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NoName Targets 4 New Victims

Miklos Zoltan

By Miklos Zoltan . 26 February 2024

Founder - Privacy Affairs

Alex Popa

Fact-Checked this

NoName announced the names of 4 new victims recently, all from Denmark. These are part of a growing list of Danish hits during NoName’s relentless Danish campaign. The cybercriminal ring aimed to make another political statement with these recent breaches.

  • NoName is a self-proclaimed pro-Russian cybercriminal organization with a scary reputation
  • The organization uses intimidation tactics and cyberattacks to make political and ideological statements
  • The recent DDoS attack struck at 4 different targets on Danish soil: 2 airports and 2 transportation entities, one private and one public
  • NoName’s self-stated goal is to punish Denmark for its continuous support of Ukraine in the ongoing conflict

According to recent statistics, Denmark provided Ukraine with over 565 million euros in military support during 2022. Furthermore, the Danish government devised a 5-year long plan for the 2023-2028 window, during which they plan to supply an additional 1.8 billion.

Needless to say, this didn’t sit well with NoName, which explains the recent string of attacks. As the group’s attack pattern showed, they primarily target states and private corporations that they deem to be enemies of the Russian state.

X showing the NoName attacks on Denmark

These recent attacks appear to have followed the same NoName pattern – mild but effective. The pro-Russian organization isn’t interested in inflicting too much damage, at least not regularly. Instead, they resort to fast and mild attacks meant to cause panic.

NoName is known for its strategic hits, only pouring resources where it matters. The organization is clearly capable of inflicting serious damage, as they have in some cases. But they prefer to use a more conservative approach in general.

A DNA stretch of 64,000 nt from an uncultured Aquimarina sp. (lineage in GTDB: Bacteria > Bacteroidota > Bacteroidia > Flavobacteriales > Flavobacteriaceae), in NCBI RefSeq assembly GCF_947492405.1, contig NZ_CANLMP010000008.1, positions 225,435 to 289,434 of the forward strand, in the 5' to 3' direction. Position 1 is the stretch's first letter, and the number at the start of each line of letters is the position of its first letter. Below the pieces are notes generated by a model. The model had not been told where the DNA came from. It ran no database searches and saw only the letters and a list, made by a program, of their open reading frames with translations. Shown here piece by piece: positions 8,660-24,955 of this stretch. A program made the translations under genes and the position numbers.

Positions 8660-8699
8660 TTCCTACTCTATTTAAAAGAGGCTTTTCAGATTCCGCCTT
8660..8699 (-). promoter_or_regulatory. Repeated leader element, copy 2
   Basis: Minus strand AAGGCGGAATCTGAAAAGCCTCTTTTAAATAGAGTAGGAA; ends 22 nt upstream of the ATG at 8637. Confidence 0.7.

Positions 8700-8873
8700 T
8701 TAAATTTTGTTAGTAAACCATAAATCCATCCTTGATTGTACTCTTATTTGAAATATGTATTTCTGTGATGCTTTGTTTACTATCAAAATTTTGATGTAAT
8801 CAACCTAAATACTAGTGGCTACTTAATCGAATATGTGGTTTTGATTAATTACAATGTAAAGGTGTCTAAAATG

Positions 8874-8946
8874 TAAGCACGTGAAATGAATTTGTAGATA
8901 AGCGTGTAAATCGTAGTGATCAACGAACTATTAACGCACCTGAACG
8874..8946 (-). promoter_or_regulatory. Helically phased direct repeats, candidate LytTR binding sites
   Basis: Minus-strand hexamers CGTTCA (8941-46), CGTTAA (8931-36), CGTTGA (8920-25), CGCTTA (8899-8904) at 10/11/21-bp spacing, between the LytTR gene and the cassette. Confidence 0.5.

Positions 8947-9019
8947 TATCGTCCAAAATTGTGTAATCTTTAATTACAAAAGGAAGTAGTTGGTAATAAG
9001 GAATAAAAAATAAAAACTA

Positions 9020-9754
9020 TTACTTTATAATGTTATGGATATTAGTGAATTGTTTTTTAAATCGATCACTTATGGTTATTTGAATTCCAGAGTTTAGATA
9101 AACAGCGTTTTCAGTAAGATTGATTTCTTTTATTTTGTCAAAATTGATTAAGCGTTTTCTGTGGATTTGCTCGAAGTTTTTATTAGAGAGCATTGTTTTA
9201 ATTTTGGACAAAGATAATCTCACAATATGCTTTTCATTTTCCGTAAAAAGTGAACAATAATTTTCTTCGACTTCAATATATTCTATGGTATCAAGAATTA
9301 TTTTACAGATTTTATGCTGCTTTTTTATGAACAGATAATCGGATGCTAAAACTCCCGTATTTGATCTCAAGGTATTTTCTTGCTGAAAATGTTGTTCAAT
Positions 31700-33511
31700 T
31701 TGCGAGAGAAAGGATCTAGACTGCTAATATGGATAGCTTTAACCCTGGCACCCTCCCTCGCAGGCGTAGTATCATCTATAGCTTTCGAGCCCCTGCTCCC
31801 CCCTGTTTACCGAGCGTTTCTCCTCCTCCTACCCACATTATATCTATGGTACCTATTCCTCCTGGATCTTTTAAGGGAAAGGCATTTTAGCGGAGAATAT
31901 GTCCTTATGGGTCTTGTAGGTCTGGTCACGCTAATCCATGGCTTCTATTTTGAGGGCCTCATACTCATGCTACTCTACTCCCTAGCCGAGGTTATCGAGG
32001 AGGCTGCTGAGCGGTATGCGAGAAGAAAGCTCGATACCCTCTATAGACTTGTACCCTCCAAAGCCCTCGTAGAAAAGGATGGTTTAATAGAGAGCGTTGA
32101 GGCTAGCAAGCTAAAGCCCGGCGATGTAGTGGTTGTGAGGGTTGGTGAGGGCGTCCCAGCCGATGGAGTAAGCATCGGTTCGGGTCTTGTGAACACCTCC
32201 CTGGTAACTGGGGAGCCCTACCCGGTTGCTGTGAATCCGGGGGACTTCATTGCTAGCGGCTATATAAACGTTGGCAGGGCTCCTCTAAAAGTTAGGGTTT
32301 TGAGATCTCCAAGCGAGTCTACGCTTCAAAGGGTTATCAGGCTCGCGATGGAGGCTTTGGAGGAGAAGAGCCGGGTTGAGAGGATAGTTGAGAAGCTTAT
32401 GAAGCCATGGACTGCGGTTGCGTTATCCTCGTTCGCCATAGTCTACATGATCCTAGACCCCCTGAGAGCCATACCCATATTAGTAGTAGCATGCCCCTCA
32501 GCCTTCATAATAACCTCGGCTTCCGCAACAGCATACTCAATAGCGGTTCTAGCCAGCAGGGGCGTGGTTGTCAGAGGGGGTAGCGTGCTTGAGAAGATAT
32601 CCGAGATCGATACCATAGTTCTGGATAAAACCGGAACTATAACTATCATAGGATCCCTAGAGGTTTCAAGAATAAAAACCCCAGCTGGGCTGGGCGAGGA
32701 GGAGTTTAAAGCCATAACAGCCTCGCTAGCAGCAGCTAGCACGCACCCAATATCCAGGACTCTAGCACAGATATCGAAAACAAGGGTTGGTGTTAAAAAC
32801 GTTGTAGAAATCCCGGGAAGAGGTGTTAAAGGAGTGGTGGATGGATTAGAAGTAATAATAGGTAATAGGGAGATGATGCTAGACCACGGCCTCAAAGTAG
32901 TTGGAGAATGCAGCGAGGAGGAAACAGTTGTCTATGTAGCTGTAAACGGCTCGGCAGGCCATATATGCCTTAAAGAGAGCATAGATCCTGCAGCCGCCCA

How NoName Operates

NoName prefers to hit in bulk, multiple targets at once, even though the breaches may not cause significant financial or structural losses. The group has been operating this way since its inception in March of 2022, shortly after Russia’s invasion of Ukraine.

The cybercriminal ring stood out thanks to its aggressive tactics, impressive resourcefulness, and military-like discipline. Anonymous insiders and former affiliates gave us a glimpse into NoName’s machinery, and their discipline and tactics are impressive.

This military-like coordination and structure allows NoName to keep the cyberhacking machine operating at full capacity. The organization’s history tells a scary tale about its potential and attitude toward its perceived enemies:

  • NoName sent threatening letters to Ukrainian media officials back in 2022 to intimidate and control the public narrative
  • The group conducted relentless and massive cybernetic attacks against Ukraine’s infrastructure since the beginning of the war
  • They have attacked most of Ukraine’s allies multiple times, with some of the most damaging ones being against the US
  • They hit Finland shortly after the country joined NATO on the 4th of April, 2023

To be noted, NoName also tends to collaborate with other cybercriminal groups to conduct even more destructive and invasive attacks. Some of these groups are Killnet and XakNet, 2 other pro-Russian cybercriminal rings.

More importantly, NoName appears to be extremely resourceful and evasive, which explains why law enforcement agencies have been unable to crack it so far.

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